From meteor showers to a supermoon: 5 astronomy events you won't want to miss this fall
The longer autumn nights will feature many notable celestial events that stargazers can mark down on their calendars.
Fall features a variety of events that don’t require telescopes to view, including several meteor showers, planetary alignments and the only supermoon of 2017.
1. Harvest Moon - Oct. 5
One of the most well-known full moons of the year will rise in early October, shining bright in the autumn sky.
“The Harvest Moon is the moon that falls nearest the autumnal equinox; this full Moon provides the most light at the time when it’s needed most—to complete the harvest,” the Old Farmer’s Almanac said.
The Harvest Moon rising in Wyoming in 2016. (Photo/AccuWeather Astronomy Fan Michelle Olsen)
The Harvest Moon falls just days before the Draconid meteor shower, which peaks on Oct. 8., meaning that many of the meteors from the shower will be washed out by the moonlight.
This is just a minor meteor shower, peaking with around 10 meteors an hour, and the best views occur during the early evening.
2. Orionid meteor shower — Oct. 20-21
Meteor showers frequent the night sky during the fall with a shower peaking once every few weeks.
The Orionids comprise one of the bigger meteor showers of the season. It also falls during a weekend, peaking on the night of Friday, Oct. 20, and lasting into the early morning hours of Saturday, Oct. 21.
Onlookers can expect to see as many as 25 meteors an hour in dark rural areas during the peak of the Orionids, according to AccuWeather Astronomy Blogger and Senior Meteorologist Dave Samuhel.
The best time for viewing the shower will be after midnight with shooting stars appearing all across the night sky.
“The moon will set during the evening, making for excellent viewing conditions,” Samuhel said.
3. Conjunction of Venus and Jupiter — Nov. 13
Two of the brightest planets in the sky will appear extremely close to each other in the pre-dawn sky around the middle of November.
“On Nov. 13, Jupiter and Venus will be very close to each other before sunrise,” Samuhel said.
The planets will be so close to each other that at a glance, they may look like they are just one bright star, rather than two planets shining just above the horizon.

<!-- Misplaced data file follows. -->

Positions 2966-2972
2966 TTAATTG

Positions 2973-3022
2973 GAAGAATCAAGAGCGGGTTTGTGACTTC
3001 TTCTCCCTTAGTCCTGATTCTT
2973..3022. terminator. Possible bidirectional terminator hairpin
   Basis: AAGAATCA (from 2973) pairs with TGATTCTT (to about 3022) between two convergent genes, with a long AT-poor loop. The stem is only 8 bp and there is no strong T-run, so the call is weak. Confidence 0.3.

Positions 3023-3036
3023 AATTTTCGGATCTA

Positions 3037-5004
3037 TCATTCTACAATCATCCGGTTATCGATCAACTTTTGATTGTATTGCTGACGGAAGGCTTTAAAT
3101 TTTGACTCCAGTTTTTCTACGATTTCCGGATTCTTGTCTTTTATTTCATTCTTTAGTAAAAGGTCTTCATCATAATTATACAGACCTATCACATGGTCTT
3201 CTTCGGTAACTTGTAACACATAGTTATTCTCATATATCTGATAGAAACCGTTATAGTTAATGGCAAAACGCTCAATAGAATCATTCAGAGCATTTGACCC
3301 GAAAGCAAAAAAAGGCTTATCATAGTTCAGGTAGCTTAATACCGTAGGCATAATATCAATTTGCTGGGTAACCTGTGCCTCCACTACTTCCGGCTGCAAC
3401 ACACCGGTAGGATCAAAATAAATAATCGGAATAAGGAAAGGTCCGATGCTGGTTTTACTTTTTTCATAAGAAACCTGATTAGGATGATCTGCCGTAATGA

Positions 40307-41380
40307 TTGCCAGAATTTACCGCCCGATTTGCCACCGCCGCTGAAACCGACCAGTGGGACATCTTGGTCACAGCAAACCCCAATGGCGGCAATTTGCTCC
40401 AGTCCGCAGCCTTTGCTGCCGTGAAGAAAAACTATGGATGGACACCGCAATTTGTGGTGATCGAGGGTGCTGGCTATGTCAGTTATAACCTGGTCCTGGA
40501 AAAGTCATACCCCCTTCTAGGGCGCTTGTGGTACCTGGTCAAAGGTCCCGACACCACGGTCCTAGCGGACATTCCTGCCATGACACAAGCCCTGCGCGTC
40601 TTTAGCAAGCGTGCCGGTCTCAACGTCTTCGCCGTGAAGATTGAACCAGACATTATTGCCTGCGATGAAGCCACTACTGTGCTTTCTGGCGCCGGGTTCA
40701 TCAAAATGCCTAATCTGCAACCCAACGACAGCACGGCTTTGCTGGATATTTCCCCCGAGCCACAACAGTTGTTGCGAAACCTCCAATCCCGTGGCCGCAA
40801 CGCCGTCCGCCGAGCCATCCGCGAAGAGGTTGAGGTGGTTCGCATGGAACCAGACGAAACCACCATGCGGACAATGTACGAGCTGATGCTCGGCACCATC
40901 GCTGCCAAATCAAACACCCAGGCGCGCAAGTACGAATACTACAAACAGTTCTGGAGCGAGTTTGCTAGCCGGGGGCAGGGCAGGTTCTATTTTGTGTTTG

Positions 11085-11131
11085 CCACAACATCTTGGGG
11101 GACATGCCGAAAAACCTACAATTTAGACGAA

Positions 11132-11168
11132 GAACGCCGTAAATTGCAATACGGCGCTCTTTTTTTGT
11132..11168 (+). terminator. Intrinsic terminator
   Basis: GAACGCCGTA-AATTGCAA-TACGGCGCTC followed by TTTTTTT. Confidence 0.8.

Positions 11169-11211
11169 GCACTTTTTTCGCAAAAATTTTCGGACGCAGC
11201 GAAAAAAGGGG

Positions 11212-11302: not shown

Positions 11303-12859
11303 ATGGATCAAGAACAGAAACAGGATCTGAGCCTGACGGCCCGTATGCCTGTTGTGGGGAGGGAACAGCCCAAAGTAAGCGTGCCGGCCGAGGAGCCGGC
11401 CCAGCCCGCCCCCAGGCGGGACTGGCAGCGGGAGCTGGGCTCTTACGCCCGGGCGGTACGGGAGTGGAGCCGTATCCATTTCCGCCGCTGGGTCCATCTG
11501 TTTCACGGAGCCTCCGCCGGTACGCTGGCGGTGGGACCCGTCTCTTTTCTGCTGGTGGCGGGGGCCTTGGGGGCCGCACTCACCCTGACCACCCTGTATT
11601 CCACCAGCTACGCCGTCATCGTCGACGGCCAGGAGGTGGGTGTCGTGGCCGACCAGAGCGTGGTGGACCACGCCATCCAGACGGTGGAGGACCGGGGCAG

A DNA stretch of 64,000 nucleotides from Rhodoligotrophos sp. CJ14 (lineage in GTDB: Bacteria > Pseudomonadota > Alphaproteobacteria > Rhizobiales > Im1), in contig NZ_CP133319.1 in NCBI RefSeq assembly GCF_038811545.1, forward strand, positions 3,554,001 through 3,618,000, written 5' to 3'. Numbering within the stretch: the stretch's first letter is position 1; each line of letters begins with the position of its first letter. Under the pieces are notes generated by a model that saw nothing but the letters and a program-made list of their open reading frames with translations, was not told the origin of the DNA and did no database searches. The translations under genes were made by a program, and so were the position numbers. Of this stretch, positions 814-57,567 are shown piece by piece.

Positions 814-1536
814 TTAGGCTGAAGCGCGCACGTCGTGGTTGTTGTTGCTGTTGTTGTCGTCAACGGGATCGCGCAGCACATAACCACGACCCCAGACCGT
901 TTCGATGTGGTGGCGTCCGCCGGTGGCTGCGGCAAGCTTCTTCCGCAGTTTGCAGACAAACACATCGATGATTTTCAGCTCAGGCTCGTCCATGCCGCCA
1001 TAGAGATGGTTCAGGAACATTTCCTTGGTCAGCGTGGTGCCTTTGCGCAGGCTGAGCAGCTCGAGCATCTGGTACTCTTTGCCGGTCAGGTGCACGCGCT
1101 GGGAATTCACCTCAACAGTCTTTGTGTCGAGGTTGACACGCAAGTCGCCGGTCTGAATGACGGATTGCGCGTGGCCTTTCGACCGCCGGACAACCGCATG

This picture was taken in July of 2015 showing a conjunction of Jupiter and Venus. (Twitter Photo/@pfwaus)
This type of astronomical event is called a conjunction, marking the time in which the planets will appear closest to each other before they gradually appear to drift apart.
“On Nov. 14 through Nov. 16, the thinning crescent moon will be seen near Mars and the two planets, which still will appear near each other,” Samuhel said.
4. Supermoon — Dec. 3
The only supermoon of 2017 will rise on Dec. 3, shining big and bright in the late-autumn sky.
A supermoon is a term referring to a full moon around the same time that the moon is near perigee, or at the point in its orbit where it is closest to the Earth.
As a result, the moon appears slightly larger and brighter than normal.
Additionally, December’s full moon will also be called the Full Cold Moon as December is the month when the winter cold fastens its grip, according to the Old Farmer’s Almanac.
5. Geminid Meteor Shower — Dec. 13
One of the best meteor showers of the year will take place in the final days of autumn as the Geminid meteor shower reaches its peak.
“The Geminid meteor shower is the most active one of the year with up to 120 meteors per hour,” Samuhel said.
This year is a particularly good year for viewing the shower as it reaches its peak just a few days before the new moon, meaning that there will be very little natural light pollution.
A Geminid meteor shooting across the December sky in 2012. (Facebook Photo/The Wilderness Vagabond)
The best time to view the shower will be after midnight; however, the Geminids will be active during the evening hours as well, according to Samuhel.
Not only are the Geminids known for producing an abundance of shooting stars per hour, but also for producing meteors that glow in different colors as they streak across the night sky.Report a Typo